North Central News

Junior/Senior Scholars program awarded grant for development

Jun 13, 2018

The North Central College Junior/Senior Scholars program (JSS) will enter its 31st year on the strength of a three-year, $45,000 grant from the Driskill Foundation to support development of its academic programs in the arts and sciences.

Driskill has been discussing a partnership for over a year, according to Janis Fitzsimmons, executive director of North Central’s Urban Education Laboratory and founder of JSS.

“They visited our summer program on our parent day and loved the kinds of learning that we were engaging kids in,” said Fitzsimmons. “Since then we’ve continued our conversation to see whether or not we could do a partnership.”

Funding from the foundation will allow JSS to expand its approach to helping college students provide educational opportunities to children in high needs schools.

“Every partnership is very important, because we really depend on them to help us continue the program, grow and develop it, and get better at what we’re doing,” said Fitzsimmons. “While we get some very good results, we could always do better. We ask, ‘How can we better prepare our promise teachers—our young people who are going out into high need schools—to disperse all the things that they learn here?’”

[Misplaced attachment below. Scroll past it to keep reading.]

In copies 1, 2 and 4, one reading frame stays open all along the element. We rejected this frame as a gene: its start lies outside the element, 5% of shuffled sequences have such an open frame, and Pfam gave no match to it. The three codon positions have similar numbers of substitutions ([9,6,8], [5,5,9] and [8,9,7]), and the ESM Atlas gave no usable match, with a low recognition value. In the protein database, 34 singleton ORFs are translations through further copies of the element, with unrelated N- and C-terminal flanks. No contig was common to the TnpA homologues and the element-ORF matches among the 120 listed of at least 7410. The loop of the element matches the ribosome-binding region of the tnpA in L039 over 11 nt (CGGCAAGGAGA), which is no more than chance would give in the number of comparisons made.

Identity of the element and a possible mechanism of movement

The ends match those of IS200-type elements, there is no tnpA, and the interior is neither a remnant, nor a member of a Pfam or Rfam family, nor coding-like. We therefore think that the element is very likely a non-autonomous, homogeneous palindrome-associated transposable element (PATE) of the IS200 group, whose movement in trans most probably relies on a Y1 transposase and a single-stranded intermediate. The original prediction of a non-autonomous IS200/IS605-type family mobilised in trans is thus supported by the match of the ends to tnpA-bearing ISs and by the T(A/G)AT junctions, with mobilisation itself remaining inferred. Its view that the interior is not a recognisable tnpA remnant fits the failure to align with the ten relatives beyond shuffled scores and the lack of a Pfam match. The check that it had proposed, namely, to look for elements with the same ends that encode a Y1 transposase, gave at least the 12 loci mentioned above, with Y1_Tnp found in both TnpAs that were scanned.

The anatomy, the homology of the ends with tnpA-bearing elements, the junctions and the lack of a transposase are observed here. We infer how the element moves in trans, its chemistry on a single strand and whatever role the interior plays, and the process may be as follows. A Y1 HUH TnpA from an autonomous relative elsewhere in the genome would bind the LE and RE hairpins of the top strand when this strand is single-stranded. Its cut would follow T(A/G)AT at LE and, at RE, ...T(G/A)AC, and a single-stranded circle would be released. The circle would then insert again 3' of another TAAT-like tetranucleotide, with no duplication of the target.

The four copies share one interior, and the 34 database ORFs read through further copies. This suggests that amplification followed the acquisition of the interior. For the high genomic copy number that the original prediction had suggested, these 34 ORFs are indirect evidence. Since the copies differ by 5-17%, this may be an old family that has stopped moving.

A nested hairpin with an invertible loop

The Driskill Foundation was originally founded to support medical research and treatment, and seeks to expand opportunities for children to learn and create. “Driskill has identified ‘keys to curiosity’ as a centerpiece for their foundation,” Fitzsimmons said. “We certainly do a lot with inquiry and science, so we’re really going to develop that piece of our program.”

JSS has been expanding the program’s pedagogy as well as the depth of the program’s involvement in schools, so the funding from the foundation comes at a welcome and critical time.

“This grant will give us an opportunity to concentrate on a different aspect of education, especially in high needs schools, where the focus tends to be on closing the academic achievement gap,” Fitzsimmons said. “This is an opportunity to engage our kids in critical thinking in academics but also through the arts—thinking creatively and problem-solving, which is what we pride ourselves on.”

A JSS student working with children at an elmentary school.